Hackers can take over retired or decommissioned satellites once they travel to reach their so-called graveyard orbit. This information was revealed during the ShmooCon security conference, which happened last Friday, Mar. 25.
(Photo : Photo courtesy of NASA/Newsmakers)
A Progress supply ship links up to the orbiting International Space Station November 18, 2000 to bring Expedition 1 commander William M. Shepherd, pilot Yuri P. Gidzenko and flight engineer Sergei K. Krikalev two tons of food, clothing, hardware and holiday gifts from their families.
Karl Koscher, an embedded device security expert, asked the people at the conference about the things that can happen to decommissioned satellites as they transition to the graveyard orbit.
Koscher and his co-workers conducted an experiment to see if they could take over the decommissioned Anik FIR satellite. Lucky, they were able to do so.
“It’s kind of unreal to go from making a video stream to having it broadcast across all of North America,” he said via The Wired.
Hackers Can Control Retired Satellites?
Koscher explained that once satellites are decommissioned by the space agency that launched them, they will no longer have any control over the retired rockets.
(Photo : Photo by NASA/Newsmakers)
STS-79 astronauts enjoy this view of the Mir complex backdropped against the blackness of space over Earth’s horizon. A thin blue line of airglow runs parallel with Earth’s horizon, September 24, 1996. Mir is nearing the end of its existence as Russia plans to steer the craft out of orbit in late February 2001 in a controlled crash to dump the space station safely into the Pacific Ocean.
Because of this, other entities on the planet can take them over before they reach the graveyard orbit, which is the junkyard orbit of Earth.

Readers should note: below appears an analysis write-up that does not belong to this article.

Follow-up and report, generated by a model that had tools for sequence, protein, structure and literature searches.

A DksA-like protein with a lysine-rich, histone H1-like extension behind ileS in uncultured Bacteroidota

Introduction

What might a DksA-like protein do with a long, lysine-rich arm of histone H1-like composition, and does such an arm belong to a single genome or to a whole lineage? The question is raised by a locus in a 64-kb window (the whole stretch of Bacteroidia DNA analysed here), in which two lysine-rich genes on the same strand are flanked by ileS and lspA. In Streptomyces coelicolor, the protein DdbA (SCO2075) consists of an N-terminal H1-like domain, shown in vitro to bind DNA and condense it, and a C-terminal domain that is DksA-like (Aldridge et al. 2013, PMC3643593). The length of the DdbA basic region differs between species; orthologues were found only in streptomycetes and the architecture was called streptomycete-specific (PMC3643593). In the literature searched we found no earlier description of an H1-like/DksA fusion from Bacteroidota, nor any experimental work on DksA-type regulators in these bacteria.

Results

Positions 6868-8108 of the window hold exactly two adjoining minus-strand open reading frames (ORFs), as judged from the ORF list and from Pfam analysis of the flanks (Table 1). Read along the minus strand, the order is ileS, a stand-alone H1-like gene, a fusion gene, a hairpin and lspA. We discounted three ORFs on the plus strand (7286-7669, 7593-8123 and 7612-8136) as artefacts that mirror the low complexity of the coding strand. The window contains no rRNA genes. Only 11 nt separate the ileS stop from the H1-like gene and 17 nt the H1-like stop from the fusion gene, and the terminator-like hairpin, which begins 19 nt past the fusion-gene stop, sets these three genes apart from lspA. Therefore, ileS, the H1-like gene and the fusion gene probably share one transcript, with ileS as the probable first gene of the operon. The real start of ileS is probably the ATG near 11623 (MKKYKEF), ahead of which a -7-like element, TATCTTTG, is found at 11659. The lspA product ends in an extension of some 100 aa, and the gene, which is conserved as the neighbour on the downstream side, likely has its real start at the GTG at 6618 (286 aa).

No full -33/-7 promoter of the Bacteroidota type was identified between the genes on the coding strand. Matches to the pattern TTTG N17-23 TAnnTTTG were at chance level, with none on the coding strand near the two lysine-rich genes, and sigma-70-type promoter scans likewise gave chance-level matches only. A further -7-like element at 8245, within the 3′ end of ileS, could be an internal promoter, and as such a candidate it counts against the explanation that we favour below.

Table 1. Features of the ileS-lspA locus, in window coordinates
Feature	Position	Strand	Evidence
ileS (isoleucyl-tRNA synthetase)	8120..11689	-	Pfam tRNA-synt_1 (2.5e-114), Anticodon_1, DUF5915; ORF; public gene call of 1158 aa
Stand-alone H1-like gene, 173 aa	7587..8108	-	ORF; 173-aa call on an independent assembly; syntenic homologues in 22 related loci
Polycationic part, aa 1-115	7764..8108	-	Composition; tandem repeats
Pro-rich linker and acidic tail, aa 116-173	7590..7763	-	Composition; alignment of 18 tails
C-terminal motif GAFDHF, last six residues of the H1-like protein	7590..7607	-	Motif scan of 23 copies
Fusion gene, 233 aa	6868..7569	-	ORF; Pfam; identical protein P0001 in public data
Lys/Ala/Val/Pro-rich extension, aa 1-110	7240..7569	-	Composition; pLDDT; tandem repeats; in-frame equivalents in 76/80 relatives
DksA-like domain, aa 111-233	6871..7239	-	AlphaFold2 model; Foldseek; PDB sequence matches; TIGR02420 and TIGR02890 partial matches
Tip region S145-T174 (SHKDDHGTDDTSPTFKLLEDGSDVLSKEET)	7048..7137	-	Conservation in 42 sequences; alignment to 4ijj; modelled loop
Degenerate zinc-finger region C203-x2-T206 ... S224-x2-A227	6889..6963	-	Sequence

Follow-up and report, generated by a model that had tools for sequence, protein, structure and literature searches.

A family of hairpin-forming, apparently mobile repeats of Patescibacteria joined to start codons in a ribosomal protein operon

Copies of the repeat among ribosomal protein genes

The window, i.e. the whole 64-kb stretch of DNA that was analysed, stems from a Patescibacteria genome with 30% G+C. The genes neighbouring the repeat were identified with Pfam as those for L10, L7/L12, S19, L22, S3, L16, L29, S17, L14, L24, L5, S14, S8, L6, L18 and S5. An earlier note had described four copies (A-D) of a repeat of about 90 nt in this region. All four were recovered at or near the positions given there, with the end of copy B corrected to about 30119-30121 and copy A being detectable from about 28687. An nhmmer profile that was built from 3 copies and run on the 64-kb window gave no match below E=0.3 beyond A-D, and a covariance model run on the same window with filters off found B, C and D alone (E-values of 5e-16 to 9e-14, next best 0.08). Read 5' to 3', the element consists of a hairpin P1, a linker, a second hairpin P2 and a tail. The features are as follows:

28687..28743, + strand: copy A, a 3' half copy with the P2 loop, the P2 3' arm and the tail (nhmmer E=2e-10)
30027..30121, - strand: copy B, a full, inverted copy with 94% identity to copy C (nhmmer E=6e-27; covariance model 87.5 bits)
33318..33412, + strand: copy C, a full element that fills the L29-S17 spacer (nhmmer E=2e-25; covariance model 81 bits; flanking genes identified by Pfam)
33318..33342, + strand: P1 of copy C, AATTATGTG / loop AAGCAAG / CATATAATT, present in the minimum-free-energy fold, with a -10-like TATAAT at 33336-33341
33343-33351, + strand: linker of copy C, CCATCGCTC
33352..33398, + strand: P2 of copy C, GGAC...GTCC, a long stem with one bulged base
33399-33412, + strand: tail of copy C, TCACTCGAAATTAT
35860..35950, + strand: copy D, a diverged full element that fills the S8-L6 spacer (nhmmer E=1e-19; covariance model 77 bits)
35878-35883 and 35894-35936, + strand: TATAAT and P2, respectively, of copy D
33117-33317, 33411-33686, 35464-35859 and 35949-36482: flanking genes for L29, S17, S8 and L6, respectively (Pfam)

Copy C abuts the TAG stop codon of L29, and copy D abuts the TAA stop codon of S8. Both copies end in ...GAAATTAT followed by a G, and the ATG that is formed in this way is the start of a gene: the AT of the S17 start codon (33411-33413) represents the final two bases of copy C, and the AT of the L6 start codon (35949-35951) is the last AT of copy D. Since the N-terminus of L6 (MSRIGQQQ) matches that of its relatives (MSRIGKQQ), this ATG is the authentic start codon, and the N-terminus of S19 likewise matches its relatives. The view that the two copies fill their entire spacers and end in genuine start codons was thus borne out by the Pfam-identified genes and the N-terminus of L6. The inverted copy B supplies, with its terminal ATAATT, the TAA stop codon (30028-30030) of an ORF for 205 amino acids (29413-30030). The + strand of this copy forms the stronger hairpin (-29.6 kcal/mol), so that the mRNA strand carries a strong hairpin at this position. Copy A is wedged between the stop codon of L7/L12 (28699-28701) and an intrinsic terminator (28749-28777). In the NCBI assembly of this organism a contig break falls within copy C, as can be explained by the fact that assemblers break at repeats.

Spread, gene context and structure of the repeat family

He added that the people or agencies who can produce the strongest signal could control the satellites to broadcast their announcements and other activities.
Some cybercriminals were already able to do this. For example, the Captain Midnight hacker was able to breach the Galaxy 1 satellite, allowing him to break into an HBO broadcast back in 1986.
On the other hand, 39 suspects were arrested by the Brazilian Federal Police in 2009 after they were accused of hacking some U.S. Navy satellites.
Authorities said that they were able to do this using a high-powered antenna, as well as other hacking gear.
More Satellites Being Decommissioned
As of the moment, many satellites are being decommissioned as new ones are launched by SpaceX and other space companies and unions.
One of these is two missile-tracking satellites. SpaceNews reported that the DoD (Department of Defense) let go of two STSS (Space Tracking and Surveillance System) sats.
Last month, the SpaceX Starlink launch was able to send 50 satellites into orbit.
Meanwhile, NASA hired SpaceX Dragon for six more supply missions.
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Written by: Griffin Davis
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